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Obi-Wan Kenobi and How Strict Continuity Can Hold Star Wars Back

Star Wars fans don’t agree on much. The one thing that most seem to come together on, however, is the importance of continuity. Even Disney, which purged the rich and very complicated Expanded Universe upon purchasing Star Wars, is staunchly devoted to upholding a new canon with its books, shows, and video games going forward. Continuity is great, but Star Wars shouldn’t always be vehemently beholden to every part of itself, and Obi-Wan shows how loosening those restraints ever so slightly can be a net positive.

Tiny retcons likely began with Return of the Jedi following Obi-Wan Kenobi’s infamous “from a certain point of view” speech. In order to explain why Obi-Wan’s description of Luke’s father in A New Hope was inconsistent with Vader’s reveal in Empire Strikes Back, Obi-Wan basically said he wasn’t totally lying about Luke’s father being dead, because spiritually and metaphorically, Vader killed Anakin. This scene seems to have set the tone for future retcons, as single lines began to dictate canon.

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Some fans online have said that Yoda’s line in Return of the Jedi about Luke being the last Jedi is an indisputable fact. This means that any Jedi characters in shows, comics, and games must either become non-Jedi or die before Yoda says that line. Rather than just discarding the quote as Yoda being unaware of others or as something written in 1983 with no thought for future spin-offs, many fans see this as a rule that all stories must follow. While Ahsoka leaving the Jedi certainly worked well with this line, it would be a shame for a character like Fallen Order’s Cal Kestis to have to either die or renounce his Jedi status prior to Empire Strikes Back in the upcoming Jedi: Survivor, regardless of whether or not it fits his ongoing story. It’s limiting to always know the end of someone’s path.

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The same applies to Darth Vader’s dialogue with Obi-Wan in A New Hope when Vader says “When I left you, I was but the learner. Now, I am the master.” Many saw this as confirmation that Vader and Obi-Wan couldn’t meet after Revenge of the Sith, as that was the last time Anakin was Obi-Wan’s apprentice.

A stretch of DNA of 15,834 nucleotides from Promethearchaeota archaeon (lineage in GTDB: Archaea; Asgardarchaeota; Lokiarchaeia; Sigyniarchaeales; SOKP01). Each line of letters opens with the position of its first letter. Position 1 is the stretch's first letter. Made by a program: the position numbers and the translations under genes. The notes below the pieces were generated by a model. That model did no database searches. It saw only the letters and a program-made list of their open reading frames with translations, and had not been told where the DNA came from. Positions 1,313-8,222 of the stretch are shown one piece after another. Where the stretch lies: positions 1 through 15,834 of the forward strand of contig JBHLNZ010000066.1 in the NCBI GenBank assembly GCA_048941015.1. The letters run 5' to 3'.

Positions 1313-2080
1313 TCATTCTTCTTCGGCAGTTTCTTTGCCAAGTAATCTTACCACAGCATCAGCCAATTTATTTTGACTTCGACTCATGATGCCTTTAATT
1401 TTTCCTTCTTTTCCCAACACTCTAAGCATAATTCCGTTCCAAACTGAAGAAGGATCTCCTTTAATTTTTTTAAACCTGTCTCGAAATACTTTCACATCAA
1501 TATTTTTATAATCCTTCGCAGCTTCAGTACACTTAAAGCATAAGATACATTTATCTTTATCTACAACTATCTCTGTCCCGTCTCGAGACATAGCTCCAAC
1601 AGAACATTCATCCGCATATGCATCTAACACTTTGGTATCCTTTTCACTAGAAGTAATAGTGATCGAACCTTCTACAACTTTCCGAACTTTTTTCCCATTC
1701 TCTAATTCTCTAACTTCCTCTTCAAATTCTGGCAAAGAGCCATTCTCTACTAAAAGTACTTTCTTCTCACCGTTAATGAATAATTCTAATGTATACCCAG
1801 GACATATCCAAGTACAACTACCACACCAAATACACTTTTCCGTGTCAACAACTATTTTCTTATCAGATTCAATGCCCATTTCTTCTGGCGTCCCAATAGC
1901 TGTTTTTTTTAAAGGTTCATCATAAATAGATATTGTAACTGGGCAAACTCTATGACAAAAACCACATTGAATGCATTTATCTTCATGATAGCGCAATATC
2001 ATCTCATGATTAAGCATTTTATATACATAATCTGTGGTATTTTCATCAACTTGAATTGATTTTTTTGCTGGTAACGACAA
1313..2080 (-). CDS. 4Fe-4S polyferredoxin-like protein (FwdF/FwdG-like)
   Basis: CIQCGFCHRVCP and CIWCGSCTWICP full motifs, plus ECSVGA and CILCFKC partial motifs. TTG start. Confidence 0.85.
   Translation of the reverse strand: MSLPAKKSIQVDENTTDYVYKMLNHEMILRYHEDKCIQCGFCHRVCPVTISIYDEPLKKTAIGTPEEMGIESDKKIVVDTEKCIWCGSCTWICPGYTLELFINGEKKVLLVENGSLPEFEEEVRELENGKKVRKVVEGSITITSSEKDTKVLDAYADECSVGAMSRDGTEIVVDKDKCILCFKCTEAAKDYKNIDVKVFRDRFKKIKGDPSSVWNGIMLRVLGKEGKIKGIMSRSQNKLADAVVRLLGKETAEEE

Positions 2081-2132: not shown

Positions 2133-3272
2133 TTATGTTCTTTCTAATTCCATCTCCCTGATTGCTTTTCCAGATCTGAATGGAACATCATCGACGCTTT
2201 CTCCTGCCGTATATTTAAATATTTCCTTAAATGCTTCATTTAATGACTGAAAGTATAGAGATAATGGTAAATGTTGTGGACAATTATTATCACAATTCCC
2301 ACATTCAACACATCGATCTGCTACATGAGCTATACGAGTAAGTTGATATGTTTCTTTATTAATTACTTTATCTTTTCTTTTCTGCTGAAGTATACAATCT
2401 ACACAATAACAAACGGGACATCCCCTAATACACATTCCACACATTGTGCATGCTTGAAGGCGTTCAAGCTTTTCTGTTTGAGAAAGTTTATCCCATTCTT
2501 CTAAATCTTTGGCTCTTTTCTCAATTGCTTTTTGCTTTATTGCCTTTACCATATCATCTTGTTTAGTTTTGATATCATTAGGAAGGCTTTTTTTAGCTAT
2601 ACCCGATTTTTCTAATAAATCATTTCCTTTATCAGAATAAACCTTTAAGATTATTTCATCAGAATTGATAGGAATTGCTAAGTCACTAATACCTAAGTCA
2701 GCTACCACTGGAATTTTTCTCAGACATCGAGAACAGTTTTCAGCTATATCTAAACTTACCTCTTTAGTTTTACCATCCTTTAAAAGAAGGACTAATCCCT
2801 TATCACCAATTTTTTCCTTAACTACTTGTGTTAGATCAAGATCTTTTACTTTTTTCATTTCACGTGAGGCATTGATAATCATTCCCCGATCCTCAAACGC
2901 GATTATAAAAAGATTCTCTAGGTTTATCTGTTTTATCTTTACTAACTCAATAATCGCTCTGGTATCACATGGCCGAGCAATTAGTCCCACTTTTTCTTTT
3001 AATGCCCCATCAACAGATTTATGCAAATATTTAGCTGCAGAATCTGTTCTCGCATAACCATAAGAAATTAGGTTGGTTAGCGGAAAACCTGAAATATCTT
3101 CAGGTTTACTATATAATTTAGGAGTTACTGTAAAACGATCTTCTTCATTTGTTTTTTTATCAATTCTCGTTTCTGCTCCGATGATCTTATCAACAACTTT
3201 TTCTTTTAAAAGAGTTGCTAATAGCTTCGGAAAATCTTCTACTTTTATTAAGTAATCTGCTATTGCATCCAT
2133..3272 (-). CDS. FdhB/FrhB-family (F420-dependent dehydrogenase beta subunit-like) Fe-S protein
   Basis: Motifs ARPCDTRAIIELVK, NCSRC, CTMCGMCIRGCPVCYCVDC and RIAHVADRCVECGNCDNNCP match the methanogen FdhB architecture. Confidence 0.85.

But the third episode of Obi-Wan Kenobi disproves that and shows that disregarding occasional lines can lead to better stories and how interesting these divergences can be. Having Obi-Wan meet Vader and be traumatized by the encounter makes his intense reluctance to try to save Vader in the original films feel far more justified, enriching his character and the saga as a whole. Given Obi-Wan’s character in the prequels, one would think he’d want to save Anakin as Luke does. The brutal battle between the two in Obi-Wan Kenobi helps to show why he thinks Anakin is lost, and why having Luke kill Vader is the only option. That intense point of view feels justified now, and ironically enough, it makes Obi-Wan’s character more consistent

Yet if the writers were to strictly abide by that one line about leaving Obi-Wan as the learner in A New Hope, this additional depth would be impossible, and the story in Obi-Wan would be lesser as a result. The wider story of Star Wars isn’t unimportant, but that broader narrative shouldn’t handicap the smaller or more personal ones told in these kinds of shows. Obi-Wan is about the titular character’s growth, so that should take priority and this Vader encounter does prioritize that. 

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Star Wars has tried to bend to previous lines and it hasn’t always worked out. It became borderline comical when The Clone Wars did everything in its power to keep Anakin from meeting General Grevious over seven seasons, from knocking the Jedi unconscious when Grievous was around to having them awkwardly be in the same location but somehow never cross paths. All this was done because Anakin said “You’re shorter than I expected” to Grievous in Revenge of the Sith, implying he had never seen him in person before then. Could there have been even more unique stories if Anakin met Grievous in The Clone Wars? Possibly, but sticking to that one throwaway line means we won’t be able to find out.

Continuity shouldn’t be thrown to the wind. It plays an important part in keeping a fictional universe consistent and interesting, and it’s immensely satisfying when following along with canon pays off. But writing off single sentences as characters being unaware of the facts or lying can be beneficial to certain stories going forward. Cal’s story doesn’t have to end with death or disappearance, just as Kenobi doesn’t have to entirely avoid Vader between Revenge of the Sith and A New Hope. By focusing on strong and more immediate stories, regardless of minor contradictions in dialogue, Star Wars can continue to grow in new and exciting ways for years to come.

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